- obtaining the name and address of the client;
- verifying their identity based on reliable supporting documents; and
- conducting specific checks on the client against the various sanctions, laws and enforcement lists.
For an individual, the documentation would typically include a passport copy and proof of address (eg, a utility bill). For corporate bodies, this includes obtaining a certificate of incorporation and a commercial licence, and:
- carrying out a search to ascertain that the company still exists;
- verifying the identity of the person who controls the business;
- identifying shareholders and key directors; and
- ascertaining that the person being dealt with has the authority to act in this capacity.
Various types of third-party risk management and compliance software are available which assist companies in screening and assessing third-party risks, such as Thomson Reuters' WorldCheck and Dow Jones' Risk Reports.
Company searches and credit ratings While there is no central database of companies in the United Arab Emirates, it is possible to uncover information about companies in the public domain. Below are various options available to ascertain and mitigate legal risks, particularly credit risks.
Department of Economic Development database If a company is based on the UAE mainland, it may be possible to obtain basic corporate information from the Department of Economic Development's website, where the company is registered. The Department of Economic Development provides information such as the trade licence number of the company, status (whether active or expired), expiry date, its licensed activities, contact information and coordinates.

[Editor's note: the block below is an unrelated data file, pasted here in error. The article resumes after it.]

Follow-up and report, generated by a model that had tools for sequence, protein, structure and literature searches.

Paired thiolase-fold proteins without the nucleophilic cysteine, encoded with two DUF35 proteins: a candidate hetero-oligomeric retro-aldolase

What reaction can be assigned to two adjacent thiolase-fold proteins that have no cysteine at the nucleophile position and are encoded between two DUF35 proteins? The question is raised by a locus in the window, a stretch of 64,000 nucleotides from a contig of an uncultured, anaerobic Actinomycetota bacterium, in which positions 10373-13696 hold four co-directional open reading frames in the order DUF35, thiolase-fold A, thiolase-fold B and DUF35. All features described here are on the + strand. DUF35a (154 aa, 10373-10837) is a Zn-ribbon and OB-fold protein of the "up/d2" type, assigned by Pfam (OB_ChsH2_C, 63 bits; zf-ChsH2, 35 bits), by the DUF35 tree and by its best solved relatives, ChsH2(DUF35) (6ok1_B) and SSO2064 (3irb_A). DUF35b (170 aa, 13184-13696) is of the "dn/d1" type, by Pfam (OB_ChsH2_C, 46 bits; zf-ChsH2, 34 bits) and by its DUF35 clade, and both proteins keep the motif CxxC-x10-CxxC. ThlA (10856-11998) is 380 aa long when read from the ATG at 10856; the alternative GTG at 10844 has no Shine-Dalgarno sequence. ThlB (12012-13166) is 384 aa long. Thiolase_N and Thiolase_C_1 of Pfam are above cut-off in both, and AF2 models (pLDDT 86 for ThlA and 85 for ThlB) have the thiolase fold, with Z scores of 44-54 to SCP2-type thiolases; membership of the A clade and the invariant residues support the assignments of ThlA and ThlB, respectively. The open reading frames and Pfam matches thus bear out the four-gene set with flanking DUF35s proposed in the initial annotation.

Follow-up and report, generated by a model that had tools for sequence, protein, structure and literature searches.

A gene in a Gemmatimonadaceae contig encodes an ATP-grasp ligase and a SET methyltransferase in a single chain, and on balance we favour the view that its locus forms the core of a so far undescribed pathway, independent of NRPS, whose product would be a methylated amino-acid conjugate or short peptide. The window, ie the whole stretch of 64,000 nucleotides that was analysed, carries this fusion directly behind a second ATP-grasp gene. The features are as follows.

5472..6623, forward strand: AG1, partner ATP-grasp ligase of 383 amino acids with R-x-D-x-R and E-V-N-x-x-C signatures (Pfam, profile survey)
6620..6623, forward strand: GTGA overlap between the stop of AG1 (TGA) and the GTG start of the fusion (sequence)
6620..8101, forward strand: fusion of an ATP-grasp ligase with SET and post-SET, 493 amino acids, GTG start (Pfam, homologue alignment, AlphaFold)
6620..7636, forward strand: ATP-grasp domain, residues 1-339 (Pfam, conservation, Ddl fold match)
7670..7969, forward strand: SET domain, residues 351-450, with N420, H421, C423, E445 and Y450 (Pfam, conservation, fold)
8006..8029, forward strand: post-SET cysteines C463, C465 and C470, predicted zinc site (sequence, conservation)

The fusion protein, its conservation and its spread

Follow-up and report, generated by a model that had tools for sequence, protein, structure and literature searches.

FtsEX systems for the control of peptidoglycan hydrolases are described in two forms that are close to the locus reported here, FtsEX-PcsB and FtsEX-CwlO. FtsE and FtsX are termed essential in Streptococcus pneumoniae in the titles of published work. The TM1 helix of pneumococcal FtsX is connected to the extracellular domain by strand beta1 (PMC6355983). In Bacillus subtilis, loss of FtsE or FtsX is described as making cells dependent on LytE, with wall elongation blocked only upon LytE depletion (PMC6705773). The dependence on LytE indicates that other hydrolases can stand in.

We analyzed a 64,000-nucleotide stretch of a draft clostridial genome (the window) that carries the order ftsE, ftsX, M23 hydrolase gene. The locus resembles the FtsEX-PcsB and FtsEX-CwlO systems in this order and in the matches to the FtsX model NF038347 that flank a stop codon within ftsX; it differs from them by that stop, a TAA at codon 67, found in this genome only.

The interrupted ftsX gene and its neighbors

Dubai Chamber of Commerce As most mainland companies are registered with the Dubai Chamber of Commerce and Industry, it can provide third parties with business information reports on registered companies for a nominal fee (and without the knowledge of the subject). This includes credit ratings and recommended credit limits in addition to companies' business, economic and financial information, such as details of shareholders, directors, auditors, bankers, payment history, purchasing terms and major customers.
Al Etihad Credit Bureau The Al Etihad Credit Bureau (AECB) is a federal government company which operates a credit reporting system across the United Arab Emirates. It collates data from all UAE banks, financial institutions and individuals and produces credit reports for a nominal fee which specify the debt levels and financial creditworthiness of both individuals and corporate entities incorporated in the United Arab Emirates. Obtaining this report requires the consent and cooperation of the individual or corporate entity.
For individuals, an AECB report includes details about debt levels, financial obligations, credit payment history and the company's track record of payments over the past two years. To obtain this report, it is necessary to submit the individual's original emirates identification card and a copy of his or her passport.